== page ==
Humanist Discussion Group, Vol. 32, No. 428. Department of Digital Humanities, King's College London Hosted by King's Digital Lab www.dhhumanist.org Submit to: email@example.com  From: Dr. Herbert Wender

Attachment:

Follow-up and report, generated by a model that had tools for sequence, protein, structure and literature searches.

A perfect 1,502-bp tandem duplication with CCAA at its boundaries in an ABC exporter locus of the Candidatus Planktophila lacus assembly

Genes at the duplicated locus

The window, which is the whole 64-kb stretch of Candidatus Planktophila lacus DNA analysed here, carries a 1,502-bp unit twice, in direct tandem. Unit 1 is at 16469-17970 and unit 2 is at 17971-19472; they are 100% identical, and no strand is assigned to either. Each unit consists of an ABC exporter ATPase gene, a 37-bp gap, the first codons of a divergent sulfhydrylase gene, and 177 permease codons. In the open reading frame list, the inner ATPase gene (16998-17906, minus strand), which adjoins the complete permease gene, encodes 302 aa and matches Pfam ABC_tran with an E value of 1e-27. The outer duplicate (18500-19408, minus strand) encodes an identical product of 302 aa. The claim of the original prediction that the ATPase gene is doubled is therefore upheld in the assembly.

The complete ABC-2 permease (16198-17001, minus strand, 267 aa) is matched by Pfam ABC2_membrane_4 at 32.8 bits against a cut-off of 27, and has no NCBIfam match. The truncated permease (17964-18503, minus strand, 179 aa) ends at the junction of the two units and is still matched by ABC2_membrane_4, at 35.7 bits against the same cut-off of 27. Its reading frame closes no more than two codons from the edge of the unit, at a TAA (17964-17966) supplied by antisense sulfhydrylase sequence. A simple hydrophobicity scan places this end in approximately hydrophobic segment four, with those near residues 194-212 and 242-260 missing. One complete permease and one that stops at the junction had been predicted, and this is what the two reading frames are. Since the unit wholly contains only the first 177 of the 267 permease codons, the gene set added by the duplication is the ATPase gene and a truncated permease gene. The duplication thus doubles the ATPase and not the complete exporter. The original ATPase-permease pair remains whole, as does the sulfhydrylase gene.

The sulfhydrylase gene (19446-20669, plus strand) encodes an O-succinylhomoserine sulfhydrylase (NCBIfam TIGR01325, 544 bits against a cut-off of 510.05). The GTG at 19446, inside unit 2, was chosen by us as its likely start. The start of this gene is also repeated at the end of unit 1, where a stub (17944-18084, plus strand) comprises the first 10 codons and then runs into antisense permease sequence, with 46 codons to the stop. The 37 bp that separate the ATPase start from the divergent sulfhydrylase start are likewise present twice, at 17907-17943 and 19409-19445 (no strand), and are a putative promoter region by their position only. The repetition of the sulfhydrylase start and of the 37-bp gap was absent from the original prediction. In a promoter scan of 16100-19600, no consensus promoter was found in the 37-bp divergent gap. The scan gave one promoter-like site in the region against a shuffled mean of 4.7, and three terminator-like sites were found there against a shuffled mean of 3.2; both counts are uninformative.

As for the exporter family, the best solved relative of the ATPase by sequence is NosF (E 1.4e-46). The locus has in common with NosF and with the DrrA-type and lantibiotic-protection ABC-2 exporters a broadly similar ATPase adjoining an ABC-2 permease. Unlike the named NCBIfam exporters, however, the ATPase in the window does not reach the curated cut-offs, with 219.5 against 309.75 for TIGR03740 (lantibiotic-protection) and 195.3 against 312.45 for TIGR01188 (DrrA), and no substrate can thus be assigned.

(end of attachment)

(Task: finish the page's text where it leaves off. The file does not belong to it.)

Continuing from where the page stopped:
Subject: Goethe's 'dirty trick' [Re: Humanist 32.423] (63)  From: firstname.lastname@example.org Subject: Re: [Humanist] 32.424: the McGann-Renear debate (42)  From: Dr. Herbert Wender Subject: Re: [Humanist] 32.424: the McGann-Renear debate (52)  From: Gabriel Egan Subject: Re: [Humanist] 32.424: the McGann-Renear debate (66) -------------------------------------------------------------------------- Date: 2019-02-06 23:58:13+00:00 From: Dr. Herbert Wender Subject: Goethe's 'dirty trick' [Re: Humanist 32.423] Dear HUMANISTs, the experience of erroneous textual transmission - mistakes by authors, failures in the communication between author and scribe, typesetting errors, etc, - has always legitimated textual criticism. Though, one of my personal 'rÃ¨gles d'airain' is to be cautious if an editor comes quickly out pointing to an 'error' on author's side because another experience in my academic life is the observation that there are situations in which it is possible to show the rationale behind a strange behavior. The rapidity with which Gabriel Egan came back with the term 'error' after reading Matthew Bell's review cited in my week- end posting was really surprising. No, against the modern editions reviewed by Bell (including the one for which I prepared the files delivered to the printing house) I prefer the status quo ante as given by the first print (for this part of the text printed before Goethe's death). I take the passage out of the reading text giben by "Faustedition" - a really 'haute couture' luxury (Pierazzo) TEI/XML de luxe edition - but not as shown on the screen but but adapted to rebuild the appearence of the first print. Cf. http://www.faustedition.net/print/faust.30#lbefore_5150 For an image of the printed page see http://www.faustedition.net/document?sigil=C.1_12&page=282&view=facsimile§io n=30#lbefore_5150 A u s f o r d e r u n g. ... Blickt hervor aus reichen Locken! -- Doch wir R o s e n k n o s p e n. halten uns versteckt Glücklich wer uns frisch entdeckt I think with the exception of the vertical white space before "Rosenknospem" instead before the "Doch" line, that seems to be a pretty reasonably typeset text. It can be understood in the following way: After the "Ausforderung" (to come out of a placed behind the other plants; to be spoken resp. sung by actresses figuring female gardeners) another group of singing actresses take over the speech, coming out while beginning to sing in the hidden place. To speak with Hugh Cayles: Such a representation of text can be seen as 'the dramatic text itself' (what is spoken on the stage by allegoric and other characters) along with an argument how to understand it. In other words: The typesetting bears meaning. Surely, we can discuss if my understanding meets that of the author; how to decide? But in the McGann/Renear-debate the question was, IMHO, another: Can I express my argument in a formal OHCO designed language? And I would answer NO. So far for today resp. tonight. I'm old and eye-handicaped, I must take care of my sanity. If you'll respond please answer some questions: What kind of 'content object' is the mdash after "Locken!" What's his meaning? Where to place in the tree? Amd take a look in the mark-up done by "Faustedition". Thank you in advance, Herbert -------------------------------------------------------------------------- Date: 2019-02-06 20:11:27+00:00 From: email@example.com Subject: Re: [Humanist] 32.424: the McGann-Renear debate I'd like to thank Hugh and Gabriel for their contributions to this thread. It piqued my curiosity to discover if there had been any evolution of this old problem in the last 20 years. There has, though not as much as I had hoped. "But, now that you've stated the whole of your case more debate would be simply absurd". I simply beg to differ with both of you, for the reasons already stated. However, I agree with Peter that there is in general a tiresome insistence that if the overlapping hierarchies problem could only be solved then all our difficulties with XML would go away. He's right that texts cannot be adequately modelled by a single stream of characters with various markup trees in standoff format. It is what was called OHCO-2 by Renear et al in 1992. I think this model comes from computational linguists not textual scholars, and their view of texts is understandably different. What Peter appears to be saying is that the base-text to which the markup applies might have different formulations (bits included or omitted), each of which require markup. His model is not a lot different from ours because textual variation internal to a document can also result in alternate bits of text. But the way we deal with it is rather different: our texts are non-linear documents composed of fragments of text arranged in a PARTIAL order, where bits of text may be in parallel to other bits OR in sequence. The markup then points to ONE coherent text-stream picked out from this partial order. This subdivides a complex problem into two parts using two separate technologies. The "howling wind-storm" that Peter refers to is due I think to trying to solve this problem using ONE technology that was designed for another purpose altogether. Desmond Schmidt eResearch Queensland University of Technology -- Dr Desmond Schmidt Mobile: 0481915868 Work: +61-7-31384036 -------------------------------------------------------------------------- Date: 2019-02-06 18:38:50+00:00 From: Dr. Herbert Wender Subject: Re: [Humanist] 32.424: the McGann-Renear debate Dear HUMANISTs, I'll try to separate the themes, debating here the OHCO questions without taking matter of the politics in the development of textual criticism and scholarly editing in times of digital practices. (Neverthless: It would be wishable if folks like the german TEI-project "Faustedition" would have the ears wide open to what Peterr Robinson has to recommend.) Hugh, I really appreciate your well-reflected, pragmatic minded defense of real-world editions in a world of imperfectness. But the question here, IMHO, is not: Howgood or problematic is the world of text processing today? Instead, inspired by Barbara Bordalejo's position paper, I would prefer to ask: In what respect is this world really better than the one 20, 30 or 50 yeasearlier? And, far more important perhaps: What wishable developments were blocked by the adoption of industrial standards when the publishing industries was voting for the OHCO-way of text processing? I'm looking for analogies. The world of programming languages was a bit better after moving from BASIC to PASCAL in studying and practicing informatics. The world of data base management systems was going into better times applying relational algebra and non-redundant storage ofÂ data. Analogously publishing new written work was remarkably more effective and reliable after the introduction of the SGML standard and its derivates, no question. But hold this also for works of literary art? for the representation of pre-existing texts standing in a long historical tradition? Another question: Do anyone take it as historically contingent that SGML's CONCUR concept newverÂ (so far I see) was implemented into a real life text processing system? Do you mead it was superfluously conceived by Goldfarb? Gabriel, you guess "the rise of markup languages has helped scholars of the stage to think more clearly about what hierarchies really existed in the minds of early modern dramatists as they worked and which hierarchies (such as the one Schmidt invokes) are historically belated." Don't see you the agreement with Desmond's suggestion: These hierarchies are *in the mind* of someone, not on the page or on the stage. Leaving beside the philosophical question what's 'real', perhaps we could agree in an analogy to the databse world stating that hierarchies as descrebed in OHCO textual models can be seen as 'views' on a certain textual data set? Henry and Bill, I don't understand what's the problem with pointer management in the revision of text. Do you have never sorted an array of strings without moving around any strings in the working storage? When I remember right the implementation of a strong pointer concept was one of the great benefits moving from PASCAL to C. With kindly regards, Herbert -------------------------------------------------------------------------- Date: 2019-02-06 09:00:43+00:00 From: Gabriel Egan Subject: Re: [Humanist] 32.424: the McGann-Renear debate Dear HUMANISTs I ought not to have claimed that for early modern printers "the division into speeches" of early modern plays was "the dominant hierarchy" in the writing. I claim this only for the other people in my list: "Shakespeare, the other dramatists of his time, their scribes, [and] theatre practitioners". We used to think that some early modern plays were printed from actors' 'parts'--John Dover Wilson held this view--but there are good reasons for rejecting that hypothesis, although it would help explain some anomalies in some early editions. Peter Robinson points out that printing itself introduces a series of features that present difficulty for the claim I'm making about a single document hierarchy: "Consider the average book: the stream of semantic text (the 'text' of Hamlet etc) is broken up by page headers, page numbers, turned-over lines, footnotes, page footers, catchwords, etc etc". This gets right to the point. I am indeed claiming that the real 'Hamlet' itself is not the text that got printed (and so acquired these new features) but the historically earlier (now lost) physical documents that instantiated a quite different idea of the play. That idea was a speech-oriented one developed for the needs of performance. In case I haven't provided enough theatre-historical evidence to convince everyone that the speech-centered view of the play was the dominant one for early modern dramatists and players, I'll mention two other pieces. It is demonstrable that when plays were revised the preference was to alter the middle of a speech so as not to disrupt the 'cue', the last two or three words that the next actor to speak would be listening for so that he knew when to begin his speech. Speeches had a wholeness that mattered to theatre practitioners much more than the metrical unity of shared verse units did. But surely even this unity of speeches was cut across by the practical necessity of dividing an actor's 'part' across multiple leaves of paper? Actually, no: the surviving documents are made of joined-together leaves that form continuous rolls (hence we say today that an actor has a 'role' in a play). When they encountered the alternative hierarchy of paper leaves, early modern theatre practitioners turned to glue to do away with it. Those are the reasons I think we are entitled to treat the acts-made-of-scenes-made-of-speeches- made-of-lines organization of a play as a tree structure that really mattered to early modern dramatists, and hence to take that hierarchy as our pre-eminent one. I'm not claiming this for other kinds of writing, just for early modern plays and only because of the theatre-historical evidence. Regards Gabriel Egan _______________________________________________ Unsubscribe at: http://dhhumanist.org/Restricted List posts to: firstname.lastname@example.org List info and archives at at: http://dhhumanist.org Listmember interface at: http://dhhumanist.org/Restricted/ Subscribe at: http://dhhumanist.org/membership_form.php